To refine the dominant optic atrophy locus, OPA1, on chromosome 3q and to characterize the phenotype of a 6-generation family pedigree affected with this disease.
Fifty-six family members had a complete eye examination. Clinical records of an additional 3 patients were reviewed. Goldmann perimetry and a 21-chip subtest of the Farnsworth-Munsell 100-Hue test were performed on selected patients. Affected patients, unaffected siblings, and potentially informative spouses were genotyped with short tandem repeat polymorphisms located on chromosome 3. The genotypic data were subjected to linkage analysis.
Thirty-four family members were found to be clinically affected. Most experienced vision loss (20/40 or poorer) in the first decade of life. Most (9 of the 16 eyes) progressed to 20/800 or poorer visual acuity by age 60 years, while 2 patients maintained visual acuities of 20/40 at that age. Affected patients had a 2- to 10-fold increase in the error score of a 21-chip subtest of the Farnsworth-Munsell 100-Hue test compared with age-matched unaffected family members. The optic nerve examination revealed temporal pallor and excavation in all affected individuals. Linkage analysis revealed significant lod scores with 9 markers. The highest lod score, 10.1 (u=0), was obtained with marker D3S2305. Analysis of recombinants narrowed the disease interval to approximately 3.8 centimorgans, flanked by D3S3669 (centromeric) and D3S1305 (telomeric).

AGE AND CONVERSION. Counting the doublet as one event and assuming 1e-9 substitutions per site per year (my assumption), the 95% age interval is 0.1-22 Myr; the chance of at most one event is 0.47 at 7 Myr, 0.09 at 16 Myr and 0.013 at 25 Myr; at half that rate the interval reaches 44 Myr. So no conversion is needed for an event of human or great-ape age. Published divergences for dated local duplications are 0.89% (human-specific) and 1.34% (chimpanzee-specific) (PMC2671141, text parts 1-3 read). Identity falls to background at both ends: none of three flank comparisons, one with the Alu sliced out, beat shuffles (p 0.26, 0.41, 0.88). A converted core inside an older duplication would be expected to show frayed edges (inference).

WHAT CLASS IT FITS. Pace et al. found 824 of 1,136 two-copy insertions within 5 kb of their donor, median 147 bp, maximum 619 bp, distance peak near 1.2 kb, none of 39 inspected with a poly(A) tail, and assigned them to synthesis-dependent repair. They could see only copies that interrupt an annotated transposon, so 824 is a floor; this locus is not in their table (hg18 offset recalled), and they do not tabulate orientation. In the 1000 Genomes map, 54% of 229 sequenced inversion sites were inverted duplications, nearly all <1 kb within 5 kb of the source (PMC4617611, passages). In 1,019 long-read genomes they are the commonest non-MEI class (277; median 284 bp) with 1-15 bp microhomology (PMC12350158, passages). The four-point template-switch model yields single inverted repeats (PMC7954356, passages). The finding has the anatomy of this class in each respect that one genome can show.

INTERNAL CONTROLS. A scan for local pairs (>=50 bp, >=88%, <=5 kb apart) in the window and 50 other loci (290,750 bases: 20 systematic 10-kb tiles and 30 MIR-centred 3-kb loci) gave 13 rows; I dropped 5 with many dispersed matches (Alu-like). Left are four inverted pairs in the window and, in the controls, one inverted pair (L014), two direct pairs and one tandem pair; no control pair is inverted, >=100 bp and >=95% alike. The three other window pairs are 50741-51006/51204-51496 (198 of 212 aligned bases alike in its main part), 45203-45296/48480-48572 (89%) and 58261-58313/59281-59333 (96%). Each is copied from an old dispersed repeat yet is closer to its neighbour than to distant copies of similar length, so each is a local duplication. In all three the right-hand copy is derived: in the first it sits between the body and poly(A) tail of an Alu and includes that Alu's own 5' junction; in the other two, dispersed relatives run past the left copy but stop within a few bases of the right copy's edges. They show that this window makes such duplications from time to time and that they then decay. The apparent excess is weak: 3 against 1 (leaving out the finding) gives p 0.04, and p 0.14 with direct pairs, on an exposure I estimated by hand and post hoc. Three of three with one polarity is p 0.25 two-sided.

Most patients affected with dominant optic atrophy in this family progressed to legal blindness by middle age. Color vision testing is a sensitive method for detection of affected patients. The dominant optic atrophy locus, OPA1, has been refined by the identification of new flanking markers: D3S3669 (centromeric) and D3S1305 (telomeric).
Brown J, Fingert JH, Taylor CM, Lake M, Sheffield VC, Stone EM. Clinical and Genetic Analysis of a Family Affected With Dominant Optic Atrophy (OPA1). Arch Ophthalmol. 1997;115(1):95–99. doi:10.1001/archopht.1997.01100150097016
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